The noises eased until the only sound was the static rumble of the falls echoing around the caverns. A few moments later, the blue light on the monitor reached the yellow dot that indicated the blocked heater. Bunce’s voice sounded once more. “Okay, I’m at the entrance to the generator. I’m gonna reach in.”
“Careful, now. We don’t know what’s in there, remember.”
“I got my fingers on something…it feels like material.”
“Material?” Rale queried, with a frown. “Why would there be material down there?”
“I’m gonna give it a tug.”
The group listened to the sounds of Bunce yanking at the blockage, groaning with exertion.
“It’s coming…I got it. It’s AGH!”
Greg nearly dropped the monitor at Bunce’s piercing cry. “Shit, what is it?”
“It’s Joe! It’s Donovan’s chest with no arms or legs!”
Cox shook her head. “Get him out of there, Greg. If that thing didn’t hear him scream, I’ll eat my own fucking head.”
“Get out of there, buddy! Water temp is rising.”
“I know, I can feel it.”
The group listened as Bunce began to swim, the choppy kicks of a bumbling front crawl.
“Remember to keep quiet…” Greg hissed.
“Negative, Sergeant!” Bunce cried, panting. “The enemy has me in its sights anyway.”
“Oh, shit!” Cox hissed. “How far is he from the edge?”
“Just a click.”
Bunce’s voice came over the speaker. “Dang, Sarg, it’s getting hotter than a whore’s armpit down here.”
“You’re almost out, Bunce. Where is the Ningen?”
“I dunno. I think he’s in the water with me. Ouch, my god, this water’s startin’ to sting!”
“The good news is that there’s plenty of ice out here to help your burns, Private.”
“Hah! I hear that! Okay, I’m almost out, I can see the edge.” They listened as a burst of static cut through the com, followed by a muffled cry.
Greg’s back grew stiff. “Bunce?”
The team craned their necks as a collective, as though straining to hear their comrade would make his voice magically appear down the coms line.
“Shit!” Cox blurted, kicking at the frozen ground.
They stared at the falls, the water now churning and bubbling, the great blanket of thick steam re-emerging and floating towards them.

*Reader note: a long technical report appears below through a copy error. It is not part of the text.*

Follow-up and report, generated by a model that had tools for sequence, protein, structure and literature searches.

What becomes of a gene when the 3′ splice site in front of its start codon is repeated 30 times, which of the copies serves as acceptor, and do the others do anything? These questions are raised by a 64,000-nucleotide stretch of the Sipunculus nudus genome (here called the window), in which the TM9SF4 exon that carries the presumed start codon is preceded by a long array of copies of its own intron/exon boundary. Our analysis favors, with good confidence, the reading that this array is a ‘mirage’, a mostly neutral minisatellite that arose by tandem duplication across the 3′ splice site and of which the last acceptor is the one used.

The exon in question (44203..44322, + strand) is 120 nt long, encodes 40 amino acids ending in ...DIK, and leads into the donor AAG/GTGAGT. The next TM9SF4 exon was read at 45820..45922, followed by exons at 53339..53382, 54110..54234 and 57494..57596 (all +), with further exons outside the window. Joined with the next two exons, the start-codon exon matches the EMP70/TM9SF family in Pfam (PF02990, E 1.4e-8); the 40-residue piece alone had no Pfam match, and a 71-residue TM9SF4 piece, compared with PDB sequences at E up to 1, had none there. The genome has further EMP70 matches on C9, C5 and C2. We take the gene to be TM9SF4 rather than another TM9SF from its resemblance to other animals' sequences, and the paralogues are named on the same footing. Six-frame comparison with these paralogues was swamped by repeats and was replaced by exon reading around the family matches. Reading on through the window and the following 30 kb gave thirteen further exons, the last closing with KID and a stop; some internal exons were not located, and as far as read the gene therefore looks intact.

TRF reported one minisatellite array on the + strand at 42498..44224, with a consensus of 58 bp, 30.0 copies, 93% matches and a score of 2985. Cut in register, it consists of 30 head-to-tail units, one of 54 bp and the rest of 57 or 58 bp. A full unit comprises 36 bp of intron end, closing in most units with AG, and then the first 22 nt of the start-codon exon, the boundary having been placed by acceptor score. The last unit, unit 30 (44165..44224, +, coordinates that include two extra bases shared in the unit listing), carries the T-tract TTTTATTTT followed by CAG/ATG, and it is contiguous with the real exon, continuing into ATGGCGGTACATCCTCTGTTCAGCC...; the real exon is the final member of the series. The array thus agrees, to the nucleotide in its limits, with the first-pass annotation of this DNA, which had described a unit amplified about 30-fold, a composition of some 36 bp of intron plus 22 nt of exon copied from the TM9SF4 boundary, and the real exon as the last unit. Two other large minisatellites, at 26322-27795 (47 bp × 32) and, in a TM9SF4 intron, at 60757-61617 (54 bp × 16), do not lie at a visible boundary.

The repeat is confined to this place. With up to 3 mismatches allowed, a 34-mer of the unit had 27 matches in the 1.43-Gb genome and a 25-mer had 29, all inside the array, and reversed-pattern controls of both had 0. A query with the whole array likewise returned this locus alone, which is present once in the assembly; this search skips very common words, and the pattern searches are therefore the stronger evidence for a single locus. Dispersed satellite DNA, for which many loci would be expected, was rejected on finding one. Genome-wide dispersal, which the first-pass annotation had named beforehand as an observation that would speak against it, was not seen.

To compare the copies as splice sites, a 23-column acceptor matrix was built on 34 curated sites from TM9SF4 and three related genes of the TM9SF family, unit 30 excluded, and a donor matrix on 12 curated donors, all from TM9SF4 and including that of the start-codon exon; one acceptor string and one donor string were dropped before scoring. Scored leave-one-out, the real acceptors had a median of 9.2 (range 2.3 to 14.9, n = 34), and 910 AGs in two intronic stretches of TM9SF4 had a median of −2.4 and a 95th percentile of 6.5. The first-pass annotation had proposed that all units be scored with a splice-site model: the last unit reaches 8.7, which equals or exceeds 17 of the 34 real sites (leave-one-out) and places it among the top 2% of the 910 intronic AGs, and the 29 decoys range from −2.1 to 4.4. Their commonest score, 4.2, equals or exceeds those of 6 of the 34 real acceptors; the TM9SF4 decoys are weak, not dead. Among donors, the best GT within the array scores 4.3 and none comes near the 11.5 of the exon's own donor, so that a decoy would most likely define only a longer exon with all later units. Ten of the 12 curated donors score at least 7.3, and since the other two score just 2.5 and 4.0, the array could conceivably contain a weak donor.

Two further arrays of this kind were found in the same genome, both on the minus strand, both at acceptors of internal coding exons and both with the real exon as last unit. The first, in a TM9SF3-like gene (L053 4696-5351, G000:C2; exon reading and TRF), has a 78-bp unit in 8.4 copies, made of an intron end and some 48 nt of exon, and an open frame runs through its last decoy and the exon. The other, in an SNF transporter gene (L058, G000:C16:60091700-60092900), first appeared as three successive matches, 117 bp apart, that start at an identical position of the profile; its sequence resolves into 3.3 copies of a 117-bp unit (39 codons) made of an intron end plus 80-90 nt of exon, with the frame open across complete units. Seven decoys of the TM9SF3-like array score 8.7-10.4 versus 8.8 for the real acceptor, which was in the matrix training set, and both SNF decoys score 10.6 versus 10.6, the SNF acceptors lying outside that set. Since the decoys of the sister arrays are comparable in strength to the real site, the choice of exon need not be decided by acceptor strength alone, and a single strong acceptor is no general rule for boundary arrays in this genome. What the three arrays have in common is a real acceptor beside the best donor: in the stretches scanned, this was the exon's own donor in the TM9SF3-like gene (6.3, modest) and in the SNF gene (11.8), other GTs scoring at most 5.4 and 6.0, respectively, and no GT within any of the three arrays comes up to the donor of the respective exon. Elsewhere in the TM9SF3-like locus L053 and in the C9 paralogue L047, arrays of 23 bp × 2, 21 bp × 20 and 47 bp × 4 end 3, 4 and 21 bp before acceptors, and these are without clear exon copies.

Behind the tumult, an inhuman screech rang out. The Ningen.
Rale stepped forward, raising her pistol. “Okay, it’s working. That was a scream of pain.”
“Or anger,” San mumbled, unease creeping through her system.
Rale lifted an arm, motioning for the team to stay put, and trotted forward a few paces. “I think I see something.”
The mist was thickening, the water rumbling to fervent temperatures. San squinted, trying to visualize the falls as the sheet of white closed it off. Through the murk, a black speck became visible. It grew larger as it hurtled towards them.
Rale flew back three feet and landed sprawled on the ice, hit by a missile that had been thrown from the falls with inhuman force. The object pinned her to the ground. San realized with sudden sick clarity that it was Bunce’s torso, limbs shorn away, his boiled skin blistering and pink all over, his hair hanging from a slack scalp and dripping into Rale’s mouth.
Greg lurched forward and grabbed the corpse’s shoulder, lifting it away from the commander. One of Bunce’s eyes plopped from its shattered housing and draped over Rale’s cheek, dangling from the optic nerve.
“Get it off me!” The usually stoic commander barked, and San dashed forward to help Greg. It wasn’t that Bunce’s chest was particularly heavy. It was just impossible to find enough purchase to grip, the bubbling skin slippery and blubberlike in their hands. Together, they wrestled the hunk of flesh to the side, and Rale clambered to her feet, visibly shaken.
Greg moved to comfort her and found himself on the receiving end of a sharp slap.
“Don’t you dare touch me, Sergeant!” Rale bit, then whipped her head in the direction of the falls as the Ningen shrieked again.
San had heard that cry out on the field.
A battle cry.
A gentle gust of wind whipped eerily through the canyon, carrying the brunt of the mist with it and giving Polaris a sudden clear view of the waterfall.
The Ningen burst through the sheet of water and stood for a moment, the blistering stream coursing down its back. It clenched its hands at its sides, lifted its head, and roared, sending an avalanche of both real and artificial rock tumbling down around it. Snorting, it pitched forwards and began to race towards them.
“Hold your ground, Polaris!” Rale yelled.
San’s hands quivered as she lifted her rifle, took aim, and fired at the Ningen’s bulbous head. She aimed as best as she could towards what appeared to be the creature’s eyes, but she couldn’t be sure. It was like fighting a giant marshmallow.
The Ningen pounded over the ground toward them, and suddenly the wind dropped, the cavern filling with mist once more and plunging the air into silence.
San heard nothing but her own rapid breathing, the fogging exhalations trailing her gun through the white. Even the muzzle of the gun was swept up in the steam. The fog stung her eyes. She blinked through tears and struggled to listen for the creature. With the fall of the sudden mist, the Ningen’s pounding footsteps had halted.
“Where the fuck is it?” Greg cried.